Audio from interview recordings was transcribed and anonymised. Thematic analysis of the interview transcript took place with a grounded-theory approach.17 The interview guide was used to create an early coding template, which was then refined and finalised as further themes emerged during data analysis,19 conducted by RA (research physiotherapist) and PS (experienced qualitative researcher). A constant comparison approach was taken with regular cross-checking to ensure reliability of emerging subthemes, with a strong correlation between researchers.20 Any outliers were discussed, and agreement reached, with data saturation agreed when no further themes were occurring in the interview data.17
A summary of results are reported below, additional quotations to support these results can be found in online supplementary file 2.
Supplementary file 2
Current methods of monitoring and feedback
Clinical practice at present tends to rely on a combination of objective and subjective markers. Participants spoke about the wide use of range of motion measurement as a key objective marker following TKR. Additionally, markers such as swelling, pain and functional scores are used to monitor changes in the patient’s condition.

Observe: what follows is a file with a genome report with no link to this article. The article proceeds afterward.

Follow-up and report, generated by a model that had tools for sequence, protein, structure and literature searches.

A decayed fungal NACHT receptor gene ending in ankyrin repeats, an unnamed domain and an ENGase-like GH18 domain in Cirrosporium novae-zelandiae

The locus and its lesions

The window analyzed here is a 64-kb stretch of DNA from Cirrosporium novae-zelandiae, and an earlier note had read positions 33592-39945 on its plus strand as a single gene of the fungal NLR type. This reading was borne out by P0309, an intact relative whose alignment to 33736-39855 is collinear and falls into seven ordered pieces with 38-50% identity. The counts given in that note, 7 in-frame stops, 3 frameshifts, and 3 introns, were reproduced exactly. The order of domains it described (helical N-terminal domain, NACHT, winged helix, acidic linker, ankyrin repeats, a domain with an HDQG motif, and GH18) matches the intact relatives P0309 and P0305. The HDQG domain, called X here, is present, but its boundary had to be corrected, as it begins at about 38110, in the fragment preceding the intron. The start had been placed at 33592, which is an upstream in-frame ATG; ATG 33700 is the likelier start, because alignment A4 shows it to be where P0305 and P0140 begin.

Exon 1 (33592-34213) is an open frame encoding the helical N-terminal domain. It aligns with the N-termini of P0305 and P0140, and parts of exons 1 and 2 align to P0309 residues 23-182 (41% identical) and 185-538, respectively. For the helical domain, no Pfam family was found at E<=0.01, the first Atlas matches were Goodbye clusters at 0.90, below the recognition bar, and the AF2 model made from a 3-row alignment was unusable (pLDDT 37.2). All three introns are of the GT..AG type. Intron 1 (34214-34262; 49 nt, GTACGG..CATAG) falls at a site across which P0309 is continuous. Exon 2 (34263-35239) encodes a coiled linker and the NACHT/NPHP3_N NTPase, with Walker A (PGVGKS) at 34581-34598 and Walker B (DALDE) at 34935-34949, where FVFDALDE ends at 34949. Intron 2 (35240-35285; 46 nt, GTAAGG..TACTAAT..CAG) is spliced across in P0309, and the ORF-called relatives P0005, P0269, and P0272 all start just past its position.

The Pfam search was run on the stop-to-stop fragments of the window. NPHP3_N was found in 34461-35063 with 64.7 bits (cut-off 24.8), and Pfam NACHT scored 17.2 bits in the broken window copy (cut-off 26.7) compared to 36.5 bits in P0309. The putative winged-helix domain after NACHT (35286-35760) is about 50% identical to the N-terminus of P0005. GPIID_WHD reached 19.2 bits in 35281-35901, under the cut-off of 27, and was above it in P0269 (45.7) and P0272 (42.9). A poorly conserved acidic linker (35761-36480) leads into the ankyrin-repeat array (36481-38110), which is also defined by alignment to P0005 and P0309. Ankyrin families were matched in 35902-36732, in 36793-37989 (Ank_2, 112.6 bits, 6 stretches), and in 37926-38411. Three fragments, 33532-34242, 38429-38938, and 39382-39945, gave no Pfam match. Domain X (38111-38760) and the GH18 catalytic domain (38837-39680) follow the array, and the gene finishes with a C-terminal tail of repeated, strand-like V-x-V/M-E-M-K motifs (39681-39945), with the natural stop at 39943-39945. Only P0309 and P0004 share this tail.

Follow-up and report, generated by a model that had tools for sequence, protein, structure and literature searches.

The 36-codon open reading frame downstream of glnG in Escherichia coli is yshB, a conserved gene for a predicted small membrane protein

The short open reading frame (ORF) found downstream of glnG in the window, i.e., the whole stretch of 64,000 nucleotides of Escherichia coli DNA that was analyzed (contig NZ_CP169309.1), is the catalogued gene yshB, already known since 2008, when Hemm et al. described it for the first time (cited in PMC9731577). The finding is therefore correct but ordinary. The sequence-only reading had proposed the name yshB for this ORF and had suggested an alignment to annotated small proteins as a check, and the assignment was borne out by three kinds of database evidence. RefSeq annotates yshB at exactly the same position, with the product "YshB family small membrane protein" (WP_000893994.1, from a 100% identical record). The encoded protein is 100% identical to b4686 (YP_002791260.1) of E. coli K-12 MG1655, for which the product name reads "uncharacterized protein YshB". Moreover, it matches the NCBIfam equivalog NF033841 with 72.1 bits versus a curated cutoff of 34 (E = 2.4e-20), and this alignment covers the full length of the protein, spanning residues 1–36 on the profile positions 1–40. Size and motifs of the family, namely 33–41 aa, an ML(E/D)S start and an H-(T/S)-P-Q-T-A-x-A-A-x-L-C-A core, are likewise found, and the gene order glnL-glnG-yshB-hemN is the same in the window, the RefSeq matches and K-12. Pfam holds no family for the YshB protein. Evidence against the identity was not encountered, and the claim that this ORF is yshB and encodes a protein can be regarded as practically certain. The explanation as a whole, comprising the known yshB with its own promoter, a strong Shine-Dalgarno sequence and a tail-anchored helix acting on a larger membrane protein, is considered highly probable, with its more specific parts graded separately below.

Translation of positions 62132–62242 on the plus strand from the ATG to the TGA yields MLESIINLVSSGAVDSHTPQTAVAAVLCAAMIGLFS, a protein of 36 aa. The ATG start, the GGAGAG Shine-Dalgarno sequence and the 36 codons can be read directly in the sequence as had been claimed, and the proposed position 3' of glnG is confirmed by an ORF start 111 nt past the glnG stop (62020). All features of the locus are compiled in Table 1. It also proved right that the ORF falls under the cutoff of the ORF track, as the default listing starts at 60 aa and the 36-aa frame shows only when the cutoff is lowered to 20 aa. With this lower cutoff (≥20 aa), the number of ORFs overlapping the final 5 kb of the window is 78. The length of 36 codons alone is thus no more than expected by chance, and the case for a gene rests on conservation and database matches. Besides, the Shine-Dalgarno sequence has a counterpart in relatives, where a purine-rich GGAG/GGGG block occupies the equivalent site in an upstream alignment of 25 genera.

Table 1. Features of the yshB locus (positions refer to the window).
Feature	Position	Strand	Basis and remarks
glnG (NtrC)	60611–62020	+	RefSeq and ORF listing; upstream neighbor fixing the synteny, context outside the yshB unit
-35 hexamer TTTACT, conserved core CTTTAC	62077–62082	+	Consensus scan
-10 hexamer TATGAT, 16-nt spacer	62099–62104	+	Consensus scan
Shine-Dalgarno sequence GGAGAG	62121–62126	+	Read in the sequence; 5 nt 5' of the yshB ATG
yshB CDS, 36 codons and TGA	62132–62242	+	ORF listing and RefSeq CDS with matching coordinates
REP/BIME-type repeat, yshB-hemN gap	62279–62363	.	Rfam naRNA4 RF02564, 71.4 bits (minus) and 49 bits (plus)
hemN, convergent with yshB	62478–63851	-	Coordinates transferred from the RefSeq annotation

Generally, I would manually take objective measures, traditional measures such as muscle strength, range of motion, and then some subjective ones as well, opinion based on movement quality. (Physiotherapist)
However, participants commented on the lack of objectivity of assessing muscle strength, gait, and exercise technique, with visual assessment and patient self-report forming the basis for ongoing monitoring.
Objective markers are few and far between and we’re still reliant on the old clinical measures like range of motion, muscle strength—which if you’re testing on an Oxford scale it’s a very subjective thing. (Physiotherapist)
Those participants working in the postacute phase of care stated that feedback was primarily offered verbally, and it is not possible to offer other feedback between clinic appointments.
I guess just verbal feedback is our only option… but when they go home we’re not giving them any feedback ‘till they come back to the clinic. (Physiotherapist)
Perceptions and knowledge of wearables
Participants were aware of wearable technology, with many stating they have used some sort of wearable device in their personal lives, yet discussion was almost exclusively on the application in the fitness space.
The apps on the smartphone that you have to have a phone in your pocket for the app to work and it tracks how many steps you’ve done. I know about Fitbit. (Clinical nurse specialist)